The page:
Review of the Week

clockwork scarabGleason, Colleen. The Clockwork Scarab: A Stoker and Holmes Novel. Fiction.  Stoker and Holmes Series. Chronicle, 2013. 350p. $17.99.  978-1-4521-1070-7. OUTSTANDING.  GRADES 7-12.

In what appears to be the first of a series, Gleason pairs Evaline Stoker (a vampire hunter, and sister to Bram Stoker) with Mina Holmes (niece of Sherlock, and daughter of Mycroft) in a steampunk mystery set in London in 1889. Irene Adler, who is working at the British Museum in the Egyptian Artifacts department, recruits them to serve the Crown by looking into the disappearances of several young women. Evaline and Mina, with the assistance of a charming pickpocket and an unintentional time traveler, must stop the perpetrator. The story is well done with steampunk elements such as steam pistols, steamcycles (similar to motorcycles but able to fly) and night-illuminators woven into the Old London setting. Unfortunately, the editor missed an error on page 242: When a young woman is found dead, Inspector Grayling says, “Next to her bed was a small vial, uncapped, and empty. I smelled the essence of bitter almond.” Miss Holmes correctly responds with “Cyanide.” Yet two paragraphs later, the Inspector says “Yes. I suspect it was arsenic. There was enough residue left in the vial to test it, so we shall know in short order.” The smell of bitter almonds is indivisibly linked with cyanide, while arsenic burns the digestive system. That being said, the tale was gripping, and this reviewer looks forward to further books in the series.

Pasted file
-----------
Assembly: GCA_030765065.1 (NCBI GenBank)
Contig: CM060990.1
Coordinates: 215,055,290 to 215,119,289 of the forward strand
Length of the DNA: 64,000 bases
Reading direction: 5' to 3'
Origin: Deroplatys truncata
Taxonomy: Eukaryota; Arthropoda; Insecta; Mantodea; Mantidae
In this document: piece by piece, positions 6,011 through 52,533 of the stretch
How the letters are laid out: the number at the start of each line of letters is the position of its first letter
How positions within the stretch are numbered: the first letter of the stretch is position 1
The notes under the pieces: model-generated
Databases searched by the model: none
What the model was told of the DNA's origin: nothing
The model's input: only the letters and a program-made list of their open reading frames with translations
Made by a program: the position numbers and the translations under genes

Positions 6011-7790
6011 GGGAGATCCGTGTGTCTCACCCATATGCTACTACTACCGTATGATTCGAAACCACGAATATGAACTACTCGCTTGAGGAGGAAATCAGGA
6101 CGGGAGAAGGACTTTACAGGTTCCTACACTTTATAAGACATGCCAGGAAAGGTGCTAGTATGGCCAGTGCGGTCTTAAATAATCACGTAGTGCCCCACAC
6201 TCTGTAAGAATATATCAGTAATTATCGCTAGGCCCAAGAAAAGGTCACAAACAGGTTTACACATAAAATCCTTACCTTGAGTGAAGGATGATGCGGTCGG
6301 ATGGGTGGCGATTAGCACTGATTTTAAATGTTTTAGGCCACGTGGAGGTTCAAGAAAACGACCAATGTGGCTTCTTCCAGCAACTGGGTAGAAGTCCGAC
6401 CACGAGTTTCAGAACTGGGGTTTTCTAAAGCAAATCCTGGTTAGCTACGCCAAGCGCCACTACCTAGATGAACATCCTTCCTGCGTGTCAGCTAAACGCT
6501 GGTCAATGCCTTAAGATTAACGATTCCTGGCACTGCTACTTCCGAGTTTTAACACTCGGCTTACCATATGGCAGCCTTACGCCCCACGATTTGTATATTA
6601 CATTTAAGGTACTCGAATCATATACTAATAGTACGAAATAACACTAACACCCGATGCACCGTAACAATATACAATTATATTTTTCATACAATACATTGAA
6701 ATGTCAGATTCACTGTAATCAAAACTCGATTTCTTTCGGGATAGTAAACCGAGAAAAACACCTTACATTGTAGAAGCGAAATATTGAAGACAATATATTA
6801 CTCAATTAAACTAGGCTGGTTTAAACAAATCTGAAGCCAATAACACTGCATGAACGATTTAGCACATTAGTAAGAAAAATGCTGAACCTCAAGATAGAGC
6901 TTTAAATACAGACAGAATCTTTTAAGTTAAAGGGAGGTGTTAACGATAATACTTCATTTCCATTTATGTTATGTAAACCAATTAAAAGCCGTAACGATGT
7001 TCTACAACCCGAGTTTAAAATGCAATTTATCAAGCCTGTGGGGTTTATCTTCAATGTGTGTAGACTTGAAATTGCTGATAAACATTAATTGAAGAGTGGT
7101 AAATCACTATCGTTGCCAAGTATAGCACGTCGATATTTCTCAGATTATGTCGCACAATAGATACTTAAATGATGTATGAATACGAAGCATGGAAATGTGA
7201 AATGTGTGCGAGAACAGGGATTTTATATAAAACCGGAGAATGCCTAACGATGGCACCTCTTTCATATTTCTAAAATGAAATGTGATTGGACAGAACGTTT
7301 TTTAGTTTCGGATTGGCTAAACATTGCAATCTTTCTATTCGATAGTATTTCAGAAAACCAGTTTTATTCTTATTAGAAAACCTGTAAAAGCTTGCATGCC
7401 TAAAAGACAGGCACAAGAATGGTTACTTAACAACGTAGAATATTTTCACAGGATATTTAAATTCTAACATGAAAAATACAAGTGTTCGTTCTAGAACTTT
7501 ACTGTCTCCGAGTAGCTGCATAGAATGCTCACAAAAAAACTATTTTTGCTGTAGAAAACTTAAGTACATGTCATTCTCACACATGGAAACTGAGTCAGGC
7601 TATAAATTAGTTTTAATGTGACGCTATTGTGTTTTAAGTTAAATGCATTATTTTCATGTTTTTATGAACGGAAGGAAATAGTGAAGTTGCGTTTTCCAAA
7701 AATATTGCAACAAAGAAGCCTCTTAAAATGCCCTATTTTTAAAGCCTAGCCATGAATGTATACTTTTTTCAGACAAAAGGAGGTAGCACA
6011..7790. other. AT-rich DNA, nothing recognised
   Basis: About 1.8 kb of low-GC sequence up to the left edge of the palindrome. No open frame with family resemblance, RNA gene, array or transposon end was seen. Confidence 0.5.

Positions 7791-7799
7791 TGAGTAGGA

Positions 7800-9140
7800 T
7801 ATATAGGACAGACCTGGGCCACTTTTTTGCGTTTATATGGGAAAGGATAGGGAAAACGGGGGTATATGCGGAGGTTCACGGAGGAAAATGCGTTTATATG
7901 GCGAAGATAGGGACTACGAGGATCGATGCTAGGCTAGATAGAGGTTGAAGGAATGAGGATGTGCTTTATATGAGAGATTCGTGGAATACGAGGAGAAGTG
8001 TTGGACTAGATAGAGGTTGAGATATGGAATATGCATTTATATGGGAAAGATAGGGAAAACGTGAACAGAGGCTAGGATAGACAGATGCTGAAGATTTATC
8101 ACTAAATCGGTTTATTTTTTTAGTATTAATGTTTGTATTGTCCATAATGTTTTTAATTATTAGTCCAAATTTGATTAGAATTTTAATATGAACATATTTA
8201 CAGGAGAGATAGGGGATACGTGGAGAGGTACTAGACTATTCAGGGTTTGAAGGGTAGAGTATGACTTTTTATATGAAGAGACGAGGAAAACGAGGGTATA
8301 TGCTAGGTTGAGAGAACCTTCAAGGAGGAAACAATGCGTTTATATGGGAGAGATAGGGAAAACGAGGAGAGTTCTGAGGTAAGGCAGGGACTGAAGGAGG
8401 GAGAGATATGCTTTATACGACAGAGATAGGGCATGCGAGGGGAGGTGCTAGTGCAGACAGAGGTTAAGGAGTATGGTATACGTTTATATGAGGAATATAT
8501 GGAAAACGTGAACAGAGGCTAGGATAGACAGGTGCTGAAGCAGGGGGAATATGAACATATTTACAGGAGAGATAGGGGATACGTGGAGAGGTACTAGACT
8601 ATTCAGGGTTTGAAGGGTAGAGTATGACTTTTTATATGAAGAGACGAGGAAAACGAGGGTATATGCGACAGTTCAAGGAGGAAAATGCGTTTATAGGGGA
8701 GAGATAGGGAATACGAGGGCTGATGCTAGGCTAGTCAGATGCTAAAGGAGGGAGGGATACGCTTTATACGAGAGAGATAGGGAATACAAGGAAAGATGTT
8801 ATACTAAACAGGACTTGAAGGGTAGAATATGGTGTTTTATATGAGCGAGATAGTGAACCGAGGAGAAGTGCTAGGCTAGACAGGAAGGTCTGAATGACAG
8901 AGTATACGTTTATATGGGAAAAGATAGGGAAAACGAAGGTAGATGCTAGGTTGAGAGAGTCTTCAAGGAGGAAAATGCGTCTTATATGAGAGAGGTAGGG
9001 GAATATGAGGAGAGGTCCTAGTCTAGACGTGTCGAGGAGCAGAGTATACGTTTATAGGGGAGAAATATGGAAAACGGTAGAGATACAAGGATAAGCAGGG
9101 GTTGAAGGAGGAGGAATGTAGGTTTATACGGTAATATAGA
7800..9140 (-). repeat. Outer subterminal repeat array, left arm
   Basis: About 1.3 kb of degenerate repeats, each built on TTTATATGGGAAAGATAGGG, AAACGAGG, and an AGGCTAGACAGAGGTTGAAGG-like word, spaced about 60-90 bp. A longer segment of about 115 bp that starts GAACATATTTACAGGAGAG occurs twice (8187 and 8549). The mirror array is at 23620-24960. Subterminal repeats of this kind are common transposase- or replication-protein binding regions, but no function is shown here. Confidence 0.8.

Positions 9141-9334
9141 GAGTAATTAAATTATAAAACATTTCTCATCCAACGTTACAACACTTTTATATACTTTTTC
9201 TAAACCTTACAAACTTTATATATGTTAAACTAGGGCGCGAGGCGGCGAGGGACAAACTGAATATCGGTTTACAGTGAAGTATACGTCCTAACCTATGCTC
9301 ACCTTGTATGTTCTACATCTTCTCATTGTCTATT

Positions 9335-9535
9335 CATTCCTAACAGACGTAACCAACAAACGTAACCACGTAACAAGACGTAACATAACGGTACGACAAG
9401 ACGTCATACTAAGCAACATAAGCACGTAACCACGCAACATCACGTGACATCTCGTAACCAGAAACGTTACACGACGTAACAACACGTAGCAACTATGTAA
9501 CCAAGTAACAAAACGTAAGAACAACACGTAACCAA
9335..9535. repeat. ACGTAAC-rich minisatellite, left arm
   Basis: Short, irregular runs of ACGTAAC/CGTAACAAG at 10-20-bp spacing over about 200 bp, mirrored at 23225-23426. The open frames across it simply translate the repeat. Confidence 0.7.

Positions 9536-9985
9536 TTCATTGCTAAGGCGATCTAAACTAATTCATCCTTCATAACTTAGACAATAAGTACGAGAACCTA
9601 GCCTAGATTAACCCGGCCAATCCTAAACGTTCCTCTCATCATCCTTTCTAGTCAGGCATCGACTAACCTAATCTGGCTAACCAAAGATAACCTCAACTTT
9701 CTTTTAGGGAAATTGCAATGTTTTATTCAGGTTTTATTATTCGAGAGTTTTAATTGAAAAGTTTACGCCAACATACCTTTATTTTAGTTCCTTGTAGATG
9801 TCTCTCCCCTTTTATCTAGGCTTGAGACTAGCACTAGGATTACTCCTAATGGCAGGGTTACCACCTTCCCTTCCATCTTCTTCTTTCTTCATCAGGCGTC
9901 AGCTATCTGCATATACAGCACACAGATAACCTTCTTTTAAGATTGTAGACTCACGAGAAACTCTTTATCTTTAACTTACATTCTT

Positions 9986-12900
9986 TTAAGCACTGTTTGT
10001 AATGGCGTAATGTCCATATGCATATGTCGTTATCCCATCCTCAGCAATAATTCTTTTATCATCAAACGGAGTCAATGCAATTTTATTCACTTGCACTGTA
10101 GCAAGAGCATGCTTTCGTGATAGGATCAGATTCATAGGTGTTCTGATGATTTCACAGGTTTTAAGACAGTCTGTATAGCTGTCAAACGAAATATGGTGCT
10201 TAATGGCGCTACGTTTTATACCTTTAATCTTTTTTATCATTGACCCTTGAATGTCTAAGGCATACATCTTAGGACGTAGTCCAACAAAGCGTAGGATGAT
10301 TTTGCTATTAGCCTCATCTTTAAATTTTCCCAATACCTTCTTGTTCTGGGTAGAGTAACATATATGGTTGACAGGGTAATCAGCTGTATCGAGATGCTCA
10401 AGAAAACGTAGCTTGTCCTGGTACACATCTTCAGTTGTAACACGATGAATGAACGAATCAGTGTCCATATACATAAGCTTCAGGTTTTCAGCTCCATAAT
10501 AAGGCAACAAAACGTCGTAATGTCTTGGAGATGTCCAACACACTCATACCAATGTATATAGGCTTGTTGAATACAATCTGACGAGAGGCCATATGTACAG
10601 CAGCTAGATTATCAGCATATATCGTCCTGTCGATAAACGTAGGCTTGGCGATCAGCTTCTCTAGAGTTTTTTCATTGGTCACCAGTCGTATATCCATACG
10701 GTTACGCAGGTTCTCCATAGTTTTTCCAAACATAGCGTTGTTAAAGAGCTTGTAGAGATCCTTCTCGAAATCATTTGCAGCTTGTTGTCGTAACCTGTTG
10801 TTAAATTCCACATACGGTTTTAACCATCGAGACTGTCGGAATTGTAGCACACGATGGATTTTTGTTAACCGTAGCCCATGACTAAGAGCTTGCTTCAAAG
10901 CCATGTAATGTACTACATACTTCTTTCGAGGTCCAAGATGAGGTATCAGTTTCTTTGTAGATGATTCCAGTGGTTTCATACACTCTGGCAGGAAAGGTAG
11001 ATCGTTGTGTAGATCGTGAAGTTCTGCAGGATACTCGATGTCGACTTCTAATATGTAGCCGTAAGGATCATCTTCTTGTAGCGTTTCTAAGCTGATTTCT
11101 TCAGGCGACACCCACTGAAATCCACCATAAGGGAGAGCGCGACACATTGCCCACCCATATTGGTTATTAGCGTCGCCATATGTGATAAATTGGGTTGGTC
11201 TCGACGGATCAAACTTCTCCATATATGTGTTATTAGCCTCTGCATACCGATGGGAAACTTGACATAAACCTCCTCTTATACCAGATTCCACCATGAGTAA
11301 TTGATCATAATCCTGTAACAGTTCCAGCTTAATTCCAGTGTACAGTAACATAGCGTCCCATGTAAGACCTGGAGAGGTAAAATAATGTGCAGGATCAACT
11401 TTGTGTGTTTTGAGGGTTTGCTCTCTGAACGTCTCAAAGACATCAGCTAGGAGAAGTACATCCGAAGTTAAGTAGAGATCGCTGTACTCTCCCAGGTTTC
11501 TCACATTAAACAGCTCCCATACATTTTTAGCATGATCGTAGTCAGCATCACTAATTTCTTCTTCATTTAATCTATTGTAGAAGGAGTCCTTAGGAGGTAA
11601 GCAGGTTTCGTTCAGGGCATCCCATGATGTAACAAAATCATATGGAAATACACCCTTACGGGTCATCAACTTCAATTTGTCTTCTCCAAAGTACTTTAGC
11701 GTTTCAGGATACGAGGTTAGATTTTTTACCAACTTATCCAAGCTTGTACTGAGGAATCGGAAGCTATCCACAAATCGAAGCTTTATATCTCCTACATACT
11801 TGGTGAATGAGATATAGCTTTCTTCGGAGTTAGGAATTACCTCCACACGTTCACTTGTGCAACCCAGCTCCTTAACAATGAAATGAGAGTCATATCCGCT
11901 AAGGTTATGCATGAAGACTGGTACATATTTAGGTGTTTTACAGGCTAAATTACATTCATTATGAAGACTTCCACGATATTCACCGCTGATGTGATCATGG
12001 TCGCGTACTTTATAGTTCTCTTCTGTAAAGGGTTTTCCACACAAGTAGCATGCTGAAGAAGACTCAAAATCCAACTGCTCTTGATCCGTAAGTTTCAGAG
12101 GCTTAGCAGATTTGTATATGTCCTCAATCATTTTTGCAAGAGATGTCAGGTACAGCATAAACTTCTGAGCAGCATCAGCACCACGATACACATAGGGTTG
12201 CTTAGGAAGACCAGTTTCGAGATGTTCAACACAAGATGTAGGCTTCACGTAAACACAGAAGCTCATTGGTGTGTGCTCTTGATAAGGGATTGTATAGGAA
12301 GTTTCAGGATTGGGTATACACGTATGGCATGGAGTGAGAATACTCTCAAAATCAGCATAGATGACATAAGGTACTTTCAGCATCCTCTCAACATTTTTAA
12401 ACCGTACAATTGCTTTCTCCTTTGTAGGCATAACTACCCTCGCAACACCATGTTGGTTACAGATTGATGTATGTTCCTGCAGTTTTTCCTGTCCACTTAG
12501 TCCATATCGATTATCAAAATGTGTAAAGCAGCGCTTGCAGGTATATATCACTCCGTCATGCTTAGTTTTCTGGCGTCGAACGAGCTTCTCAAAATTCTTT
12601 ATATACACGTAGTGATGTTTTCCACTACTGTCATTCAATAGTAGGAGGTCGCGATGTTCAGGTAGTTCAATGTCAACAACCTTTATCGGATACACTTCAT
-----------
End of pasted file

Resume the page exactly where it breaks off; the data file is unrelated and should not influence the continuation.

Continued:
Kathy L. Haug, Retired

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One Response to Review of the Week

  1. Ruth I. Gordon says:

    Kathy is our very own Agatha Christie–an expert in poisons. Did anyone see the program on the N.Y.C medical examiner who really invented forensic detection–poisons.–Big Grandma

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